International Migrants Day (18 December) this year falls almost exactly 70 years after the Brussels conference that led to the establishment of the organization that, in 1989, was renamed the International Organization for Migration. A broad range of factors continue to determine the movement of people. They are either voluntary or forced movements as a result of the increased magnitude and frequency of disasters, economic challenges and extreme poverty or conflict. Approximately 281 million people were international migrants in 2020, representing 3.6 per cent of the global population. 

All these will significantly affect the characteristics and scale of migration in the future, and determine the strategies and policies countries must develop in order to harness the potential of migration while ensuring the fundamental human rights of migrants are protected.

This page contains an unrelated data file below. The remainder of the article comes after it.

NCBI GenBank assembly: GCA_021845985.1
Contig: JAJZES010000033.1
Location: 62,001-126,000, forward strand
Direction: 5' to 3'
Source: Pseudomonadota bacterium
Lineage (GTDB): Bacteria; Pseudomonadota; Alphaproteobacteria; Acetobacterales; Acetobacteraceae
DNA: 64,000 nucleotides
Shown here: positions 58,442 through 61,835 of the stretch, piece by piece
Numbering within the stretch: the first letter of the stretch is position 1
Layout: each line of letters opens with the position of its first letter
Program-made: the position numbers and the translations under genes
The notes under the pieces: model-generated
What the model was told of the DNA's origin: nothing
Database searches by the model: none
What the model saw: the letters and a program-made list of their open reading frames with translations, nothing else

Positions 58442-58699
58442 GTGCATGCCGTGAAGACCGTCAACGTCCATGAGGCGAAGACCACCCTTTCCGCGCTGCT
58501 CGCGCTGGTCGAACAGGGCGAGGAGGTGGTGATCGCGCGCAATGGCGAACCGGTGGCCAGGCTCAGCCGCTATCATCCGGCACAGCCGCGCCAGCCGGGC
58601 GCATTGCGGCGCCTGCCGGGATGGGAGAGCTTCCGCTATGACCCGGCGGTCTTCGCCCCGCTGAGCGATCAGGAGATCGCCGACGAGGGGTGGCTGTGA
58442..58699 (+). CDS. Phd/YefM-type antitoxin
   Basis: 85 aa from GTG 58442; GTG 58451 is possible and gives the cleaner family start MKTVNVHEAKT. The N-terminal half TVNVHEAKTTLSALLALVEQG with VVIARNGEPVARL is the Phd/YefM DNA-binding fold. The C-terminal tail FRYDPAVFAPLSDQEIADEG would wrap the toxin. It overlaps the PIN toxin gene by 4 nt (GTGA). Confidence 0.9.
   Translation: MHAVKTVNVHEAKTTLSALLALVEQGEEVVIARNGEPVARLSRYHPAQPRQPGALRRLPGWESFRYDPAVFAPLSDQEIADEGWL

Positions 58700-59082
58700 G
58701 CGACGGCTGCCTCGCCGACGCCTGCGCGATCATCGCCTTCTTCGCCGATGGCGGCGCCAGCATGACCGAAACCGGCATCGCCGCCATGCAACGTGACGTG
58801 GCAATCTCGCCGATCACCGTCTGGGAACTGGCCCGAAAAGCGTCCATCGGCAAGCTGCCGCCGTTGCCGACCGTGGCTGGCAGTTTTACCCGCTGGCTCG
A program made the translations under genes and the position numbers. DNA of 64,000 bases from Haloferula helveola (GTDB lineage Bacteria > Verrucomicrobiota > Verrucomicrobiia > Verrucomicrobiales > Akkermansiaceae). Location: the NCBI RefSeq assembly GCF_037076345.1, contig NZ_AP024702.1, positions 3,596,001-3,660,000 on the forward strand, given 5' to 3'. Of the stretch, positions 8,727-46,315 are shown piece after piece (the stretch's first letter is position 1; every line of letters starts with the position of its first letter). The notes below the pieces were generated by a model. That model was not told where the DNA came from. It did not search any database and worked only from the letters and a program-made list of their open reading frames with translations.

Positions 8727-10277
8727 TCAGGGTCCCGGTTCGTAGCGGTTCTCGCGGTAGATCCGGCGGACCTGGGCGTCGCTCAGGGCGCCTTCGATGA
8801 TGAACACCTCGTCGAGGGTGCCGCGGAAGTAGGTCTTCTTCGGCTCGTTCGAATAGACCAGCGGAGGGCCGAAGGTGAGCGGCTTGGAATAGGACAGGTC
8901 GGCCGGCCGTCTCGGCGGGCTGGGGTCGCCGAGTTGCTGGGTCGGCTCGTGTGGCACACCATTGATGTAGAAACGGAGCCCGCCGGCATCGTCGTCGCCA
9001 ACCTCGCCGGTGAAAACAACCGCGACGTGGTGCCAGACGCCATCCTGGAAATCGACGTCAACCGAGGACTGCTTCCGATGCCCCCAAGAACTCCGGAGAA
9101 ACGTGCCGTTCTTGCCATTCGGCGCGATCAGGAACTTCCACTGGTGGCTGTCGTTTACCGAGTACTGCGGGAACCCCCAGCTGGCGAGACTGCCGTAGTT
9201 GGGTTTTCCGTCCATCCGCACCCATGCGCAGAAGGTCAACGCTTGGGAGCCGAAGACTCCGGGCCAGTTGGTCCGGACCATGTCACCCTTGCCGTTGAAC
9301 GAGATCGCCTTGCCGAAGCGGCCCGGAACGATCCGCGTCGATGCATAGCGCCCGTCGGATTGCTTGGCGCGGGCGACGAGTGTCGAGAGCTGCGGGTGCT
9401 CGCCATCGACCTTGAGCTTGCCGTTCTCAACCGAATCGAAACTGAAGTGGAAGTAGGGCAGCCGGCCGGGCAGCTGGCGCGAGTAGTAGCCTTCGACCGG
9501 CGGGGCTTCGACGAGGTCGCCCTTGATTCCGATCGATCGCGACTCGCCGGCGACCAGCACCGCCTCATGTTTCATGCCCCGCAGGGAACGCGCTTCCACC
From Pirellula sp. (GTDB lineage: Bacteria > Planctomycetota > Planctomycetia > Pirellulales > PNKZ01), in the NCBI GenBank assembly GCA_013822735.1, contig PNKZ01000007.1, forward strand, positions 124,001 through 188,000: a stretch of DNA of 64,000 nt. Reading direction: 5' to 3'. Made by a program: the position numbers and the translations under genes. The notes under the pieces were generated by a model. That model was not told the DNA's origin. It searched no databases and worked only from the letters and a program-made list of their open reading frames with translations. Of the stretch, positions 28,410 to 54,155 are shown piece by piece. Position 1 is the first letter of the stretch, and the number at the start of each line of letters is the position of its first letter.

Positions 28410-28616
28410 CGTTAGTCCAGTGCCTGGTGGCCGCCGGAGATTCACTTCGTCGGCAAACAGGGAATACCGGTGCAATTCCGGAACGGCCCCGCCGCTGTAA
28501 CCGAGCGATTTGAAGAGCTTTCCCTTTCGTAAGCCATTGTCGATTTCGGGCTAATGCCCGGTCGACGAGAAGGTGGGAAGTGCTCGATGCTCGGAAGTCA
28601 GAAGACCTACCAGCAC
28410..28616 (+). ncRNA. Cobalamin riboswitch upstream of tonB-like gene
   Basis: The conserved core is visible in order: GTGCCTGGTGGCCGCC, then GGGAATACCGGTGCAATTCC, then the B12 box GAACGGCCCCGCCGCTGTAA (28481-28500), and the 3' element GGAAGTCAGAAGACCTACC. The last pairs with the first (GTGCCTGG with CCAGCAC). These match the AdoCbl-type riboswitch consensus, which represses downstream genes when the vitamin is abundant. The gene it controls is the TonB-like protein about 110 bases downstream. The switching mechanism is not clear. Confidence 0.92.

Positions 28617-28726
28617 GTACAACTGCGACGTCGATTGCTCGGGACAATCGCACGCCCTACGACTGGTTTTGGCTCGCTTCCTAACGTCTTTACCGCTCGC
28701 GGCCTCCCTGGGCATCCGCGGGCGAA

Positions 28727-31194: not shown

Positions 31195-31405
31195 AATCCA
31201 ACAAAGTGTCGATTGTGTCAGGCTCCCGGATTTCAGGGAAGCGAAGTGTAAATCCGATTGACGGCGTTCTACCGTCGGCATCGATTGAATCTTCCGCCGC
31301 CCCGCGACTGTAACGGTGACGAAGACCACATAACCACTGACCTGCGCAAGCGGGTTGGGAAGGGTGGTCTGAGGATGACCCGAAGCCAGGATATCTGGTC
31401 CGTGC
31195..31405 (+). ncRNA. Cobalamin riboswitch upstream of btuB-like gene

2021 theme: "Harnessing the potential of human mobility"

Migrants contribute with their knowledge, networks, and skills to build stronger, more resilient communities.  The global social and economic landscape can be shaped through impactful decisions to address the challenges and opportunities presented by global mobility and people on the move. 

The Global Compact for Safe, Orderly and Regular Migration (GCM) offers the opportunity and guidance to actualize human mobility and seize the opportunities it presents.   

The International Organization for Migration (IOM) has assisted millions of migrants since it emerged 70 years ago to assist the vast number of Europeans displaced by the Second World War and continues to lead the way in promoting a humane and orderly management of migration for the benefit of all, including the communities of origin, transit and destination.  


The Global Compact on Migration

The Global Compact on Migration is the first-ever intergovernmentally negotiated UN agreement on a common approach to international migration.

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